how to build a quick ‘n’ dirty WordPress plugin

Plug it in by Abekamal on deviantART

Let’s say that you’ve in the process of writing a new e-book and you want to give the opportunity to your blog readers to submit their details in a form so they can receive a notification when the e-book is ready. You need a plugin. Ok, there are a few mailing list plugins out there that you can use quickly, but the point of this article is to show you how you can build such a plugin from scratch so you can modify it in any way you want, etc. You get the idea, so let’s start.

Have a look at the demo page (opens in a new tab). You can also download the tutorial’s source code.

First, make a new .php file, naming it whatever you want. I named mine “quickndirty.php” (like the one you downloaded). The first lines (the comments) are just for informative reasons (the info displayed in the “Plugins” section of your WordPress administration panel):

The whole plugin consists of one class, named “Qnd” (Quick’n’dirty). All the functions (unless stated so) are going to be included in this class. We declare 2 private variables, one to hold the database table name (make sure to use a unique name to avoid any conflicts with other tables) and one to hold an instance of wpdb:

The first function we are going to create is the one that will be executed when the plugin is activated and it’s going to be responsible to create the table into the database. The table is going to be created only if it is not present and it will not be deleted when the plugin is deactivated. The table consists of 4 (self-explanatory) fields:

Next is the controller function. It’s functionality is quite straightforward: If a POST request have been made try to insert the details into the database and if not, display the form:

We’ll first explore the displayForm function. It’s really just a simple form. The $error variable is used to check if there is an error and if there is to display a message.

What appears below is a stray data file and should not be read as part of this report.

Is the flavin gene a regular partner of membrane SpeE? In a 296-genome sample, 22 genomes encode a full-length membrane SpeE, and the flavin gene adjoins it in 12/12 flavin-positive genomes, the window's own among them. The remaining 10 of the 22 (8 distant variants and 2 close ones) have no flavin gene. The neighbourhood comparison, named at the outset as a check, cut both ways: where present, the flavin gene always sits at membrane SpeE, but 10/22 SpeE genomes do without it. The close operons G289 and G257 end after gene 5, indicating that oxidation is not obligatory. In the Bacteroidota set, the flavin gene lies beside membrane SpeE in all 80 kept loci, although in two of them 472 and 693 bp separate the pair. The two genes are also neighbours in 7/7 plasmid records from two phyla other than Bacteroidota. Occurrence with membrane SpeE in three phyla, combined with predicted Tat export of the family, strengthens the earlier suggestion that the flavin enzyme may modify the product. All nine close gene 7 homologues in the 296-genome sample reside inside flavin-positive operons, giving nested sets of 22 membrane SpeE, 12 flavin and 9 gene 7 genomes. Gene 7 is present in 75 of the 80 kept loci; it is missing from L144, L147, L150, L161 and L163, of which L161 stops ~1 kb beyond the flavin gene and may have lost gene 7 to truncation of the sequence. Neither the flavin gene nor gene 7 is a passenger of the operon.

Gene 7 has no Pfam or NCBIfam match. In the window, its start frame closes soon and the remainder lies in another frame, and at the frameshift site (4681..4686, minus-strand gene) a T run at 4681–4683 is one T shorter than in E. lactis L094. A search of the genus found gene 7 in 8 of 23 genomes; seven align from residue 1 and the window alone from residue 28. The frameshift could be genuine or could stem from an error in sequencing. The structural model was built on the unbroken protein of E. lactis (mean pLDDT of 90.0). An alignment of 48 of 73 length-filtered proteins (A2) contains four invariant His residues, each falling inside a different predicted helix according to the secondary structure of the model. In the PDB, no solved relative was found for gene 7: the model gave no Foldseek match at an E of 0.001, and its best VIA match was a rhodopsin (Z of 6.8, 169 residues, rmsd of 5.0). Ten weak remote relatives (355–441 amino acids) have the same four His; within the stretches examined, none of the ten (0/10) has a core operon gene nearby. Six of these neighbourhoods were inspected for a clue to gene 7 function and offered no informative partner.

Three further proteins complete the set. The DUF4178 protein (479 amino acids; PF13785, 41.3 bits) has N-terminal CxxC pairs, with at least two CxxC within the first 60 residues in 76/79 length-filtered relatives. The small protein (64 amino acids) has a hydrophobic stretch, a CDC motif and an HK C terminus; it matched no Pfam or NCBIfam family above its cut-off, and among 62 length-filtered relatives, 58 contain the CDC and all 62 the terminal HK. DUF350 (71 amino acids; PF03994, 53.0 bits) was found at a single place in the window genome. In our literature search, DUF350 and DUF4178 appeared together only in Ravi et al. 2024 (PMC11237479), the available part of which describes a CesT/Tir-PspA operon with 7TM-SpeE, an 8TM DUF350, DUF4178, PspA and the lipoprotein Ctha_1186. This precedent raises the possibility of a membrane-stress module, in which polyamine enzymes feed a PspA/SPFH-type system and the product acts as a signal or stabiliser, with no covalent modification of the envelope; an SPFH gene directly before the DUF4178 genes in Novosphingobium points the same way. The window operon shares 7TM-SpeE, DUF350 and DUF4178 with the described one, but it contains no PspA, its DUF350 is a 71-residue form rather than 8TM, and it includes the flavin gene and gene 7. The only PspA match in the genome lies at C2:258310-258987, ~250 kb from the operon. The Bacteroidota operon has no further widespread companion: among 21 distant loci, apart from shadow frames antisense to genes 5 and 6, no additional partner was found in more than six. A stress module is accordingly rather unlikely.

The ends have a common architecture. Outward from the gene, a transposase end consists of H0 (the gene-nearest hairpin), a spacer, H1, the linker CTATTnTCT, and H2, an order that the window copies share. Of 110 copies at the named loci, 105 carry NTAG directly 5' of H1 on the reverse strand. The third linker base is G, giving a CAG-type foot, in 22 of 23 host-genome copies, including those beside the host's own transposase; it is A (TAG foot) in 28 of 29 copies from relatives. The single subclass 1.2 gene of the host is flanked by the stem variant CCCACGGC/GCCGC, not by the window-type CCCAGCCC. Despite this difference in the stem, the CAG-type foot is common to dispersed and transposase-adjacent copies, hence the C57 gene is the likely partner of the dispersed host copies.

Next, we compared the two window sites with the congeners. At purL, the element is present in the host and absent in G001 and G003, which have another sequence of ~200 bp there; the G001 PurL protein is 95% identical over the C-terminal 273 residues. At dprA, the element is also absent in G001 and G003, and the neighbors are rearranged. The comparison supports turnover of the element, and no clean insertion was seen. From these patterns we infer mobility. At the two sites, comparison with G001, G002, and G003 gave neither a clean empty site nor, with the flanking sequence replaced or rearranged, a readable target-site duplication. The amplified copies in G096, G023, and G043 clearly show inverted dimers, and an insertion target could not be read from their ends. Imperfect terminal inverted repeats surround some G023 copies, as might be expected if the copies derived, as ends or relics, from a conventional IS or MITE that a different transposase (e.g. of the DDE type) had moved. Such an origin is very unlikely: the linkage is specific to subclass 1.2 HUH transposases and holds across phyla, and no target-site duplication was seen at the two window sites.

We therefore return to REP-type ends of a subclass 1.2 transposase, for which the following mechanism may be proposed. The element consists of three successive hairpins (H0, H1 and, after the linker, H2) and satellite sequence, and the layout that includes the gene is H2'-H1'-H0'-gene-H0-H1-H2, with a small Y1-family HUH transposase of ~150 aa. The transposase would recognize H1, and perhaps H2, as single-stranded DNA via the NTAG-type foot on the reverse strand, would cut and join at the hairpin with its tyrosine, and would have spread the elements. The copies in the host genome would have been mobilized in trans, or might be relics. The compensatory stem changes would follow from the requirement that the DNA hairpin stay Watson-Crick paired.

submitDetails is the last function of Qnd class. First, it escapes the user’s input to prevent SQL injection. Then it checks if either the name or the e-mail fields are blank. If any of them is, it displays the form with an error message. Please note that in a proper implementation it’s recommended to use better error reporting, to check if the e-mail is valid, etc. Finally, if the required fields are there, it inserts the data into the database and displays a success message instead of the form.

The plugin is almost ready. Place the following code outside of the Qnd class and you’re ready. The code creates an instance of the Qnd class, registers the shortcode “QUICKNDIRTY” to be used to call the plugin and sets the function createTable to be executed every time the plugin is activated from the WordPress administration panel.

To use the plugin, place the .php file into your plugins folder, activate it in the administration panel, create (or edit) a post/page and insert the shortcode QUICKNDIRTY in brackets ([]).

Have a look at the demo page (opens in a new tab). You can also download the tutorial’s source code.

Photo by ~abekamal

  • Nerdy Goodness

    Fantastic article, thank you. I’m in the progress of building my first WP Plugin at the moment and I’ve found this invaluable.

  • Stathis

    You’re welcome :)

  • Amereservant

    One suggestion I will make is NOT creating a new table for plugins unless absolutely necessary. That was something I had to learn myself, but through following some great WordPress developers and most of them being part of the core WP dev team, I’ve learned a better way.

    Between using custom post types or users with custom roles, then post meta for the additional fields that those don’t cover, you’ll find yourself saving tons of custom code. On top of that, WordPress has some really nice built-in functions that do a lot of the heavy lifting such as JOINS etc. and cleanup is much simpler.

    For example, in your QND plugin, you could easily add them as new users with a custom role called “ebook_subscriber”, then add a user post meta for the location and everything else is handled internally by WordPress.

    I hope that helps and learning how to utilise this will save you time and make the WP gurus smile when they read your code ….. or just save you time.

  • Stathis

    @Amereservant: Thanks for the suggestion and the insight. Some links with more details on the subject could be useful as well.

    To tell you the truth, I prefer to design my own database schemas, and to write my own SQL queries. Even if I have to write more code, I find it quite useful and way more flexible when I later have to connect what I’ve build with other systems outside WordPress (or any other similar solution).

    But your point is valid :)